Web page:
London Metropolitan University Research Institutes

The origins of the crisis of the social and national identity as presented in ‘Howard’s End’ by Edward Morgan Forster

Author(s) Gładkowska, E.  
Publisher London: CiCe  
Year 2014  
Editor P. Cunningham & N. Fretwell (eds.) Innovative Practice and Research Trends in Identity, Citizenship and Education  
Age group -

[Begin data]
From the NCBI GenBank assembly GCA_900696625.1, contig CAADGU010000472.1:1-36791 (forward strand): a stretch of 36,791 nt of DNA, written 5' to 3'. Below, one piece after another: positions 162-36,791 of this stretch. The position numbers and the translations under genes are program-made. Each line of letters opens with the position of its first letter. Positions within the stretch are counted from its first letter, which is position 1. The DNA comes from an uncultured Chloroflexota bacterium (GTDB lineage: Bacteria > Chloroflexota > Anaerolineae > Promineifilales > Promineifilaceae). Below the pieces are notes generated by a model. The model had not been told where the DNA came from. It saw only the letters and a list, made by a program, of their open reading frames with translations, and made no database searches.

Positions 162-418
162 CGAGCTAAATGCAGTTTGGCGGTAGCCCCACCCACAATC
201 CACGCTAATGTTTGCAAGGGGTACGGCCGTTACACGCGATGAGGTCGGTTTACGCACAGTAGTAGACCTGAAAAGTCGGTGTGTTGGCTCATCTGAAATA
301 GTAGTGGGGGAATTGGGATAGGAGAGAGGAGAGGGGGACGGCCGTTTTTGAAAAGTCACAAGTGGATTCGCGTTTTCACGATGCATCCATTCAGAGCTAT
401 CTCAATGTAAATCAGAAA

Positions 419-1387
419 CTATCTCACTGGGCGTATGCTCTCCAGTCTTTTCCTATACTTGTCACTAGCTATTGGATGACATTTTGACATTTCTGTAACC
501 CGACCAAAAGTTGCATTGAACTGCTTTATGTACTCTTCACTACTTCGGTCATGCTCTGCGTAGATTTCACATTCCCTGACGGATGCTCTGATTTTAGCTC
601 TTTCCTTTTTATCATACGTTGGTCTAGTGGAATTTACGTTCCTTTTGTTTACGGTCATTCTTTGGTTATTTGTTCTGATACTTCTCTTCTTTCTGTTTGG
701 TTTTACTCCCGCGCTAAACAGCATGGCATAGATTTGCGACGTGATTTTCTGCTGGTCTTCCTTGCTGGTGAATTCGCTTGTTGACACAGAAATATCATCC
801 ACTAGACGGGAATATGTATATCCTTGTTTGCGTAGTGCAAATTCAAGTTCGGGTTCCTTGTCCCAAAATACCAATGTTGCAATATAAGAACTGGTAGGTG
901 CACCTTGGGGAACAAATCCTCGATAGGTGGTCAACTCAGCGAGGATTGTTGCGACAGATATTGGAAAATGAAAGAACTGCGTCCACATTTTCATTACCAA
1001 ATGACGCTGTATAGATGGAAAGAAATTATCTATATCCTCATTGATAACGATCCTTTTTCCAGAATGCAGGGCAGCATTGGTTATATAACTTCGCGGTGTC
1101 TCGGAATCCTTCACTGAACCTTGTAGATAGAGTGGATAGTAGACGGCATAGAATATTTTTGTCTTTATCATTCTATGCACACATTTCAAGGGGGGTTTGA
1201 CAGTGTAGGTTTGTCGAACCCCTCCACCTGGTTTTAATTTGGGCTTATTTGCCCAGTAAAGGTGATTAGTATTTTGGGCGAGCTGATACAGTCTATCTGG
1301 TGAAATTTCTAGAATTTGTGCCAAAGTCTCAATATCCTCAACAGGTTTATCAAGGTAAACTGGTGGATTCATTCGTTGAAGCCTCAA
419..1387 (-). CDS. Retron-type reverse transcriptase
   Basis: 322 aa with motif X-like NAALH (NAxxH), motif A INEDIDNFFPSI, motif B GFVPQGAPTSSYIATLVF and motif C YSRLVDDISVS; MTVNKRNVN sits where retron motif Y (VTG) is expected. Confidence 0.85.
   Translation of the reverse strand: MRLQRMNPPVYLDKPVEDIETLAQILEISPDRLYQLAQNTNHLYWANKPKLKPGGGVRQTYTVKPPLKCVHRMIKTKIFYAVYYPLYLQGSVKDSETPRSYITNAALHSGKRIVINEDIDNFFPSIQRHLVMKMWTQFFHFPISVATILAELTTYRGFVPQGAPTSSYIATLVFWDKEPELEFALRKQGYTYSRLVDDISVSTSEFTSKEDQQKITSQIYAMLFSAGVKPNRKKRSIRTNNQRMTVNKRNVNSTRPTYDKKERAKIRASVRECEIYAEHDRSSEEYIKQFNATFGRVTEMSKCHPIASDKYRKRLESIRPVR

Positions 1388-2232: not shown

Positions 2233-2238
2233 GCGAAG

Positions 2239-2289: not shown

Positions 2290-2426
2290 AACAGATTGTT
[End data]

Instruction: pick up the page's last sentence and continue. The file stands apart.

The contemporary crisis of the notions such as citizenship and identity is the phenomenon resulting from the processes which have taken place for many decades. This paper discusses the origins of this situation by investigating E. M. Forster’s novel ‘Howards End’ which reflects the change in the social structure and the idea of citizenship in early modernist Britain. The study concludes that the main characters manifested the profound awareness of the consequences of the social transformation although the attitudes towards those changes alter significantly among particular individuals. The modern city at the beginning of twentieth century was recognized as both the symbol and the cause for the breakthrough in social relations and the idea of citizenship which gave rise to a ‘nomadic civilization’. The repercussions of the emergence of communities based on the alternative concepts are also anticipated. ‘Howards End’ proves to be a prophetic text about the Western world on the threshold of the crisis of identity.

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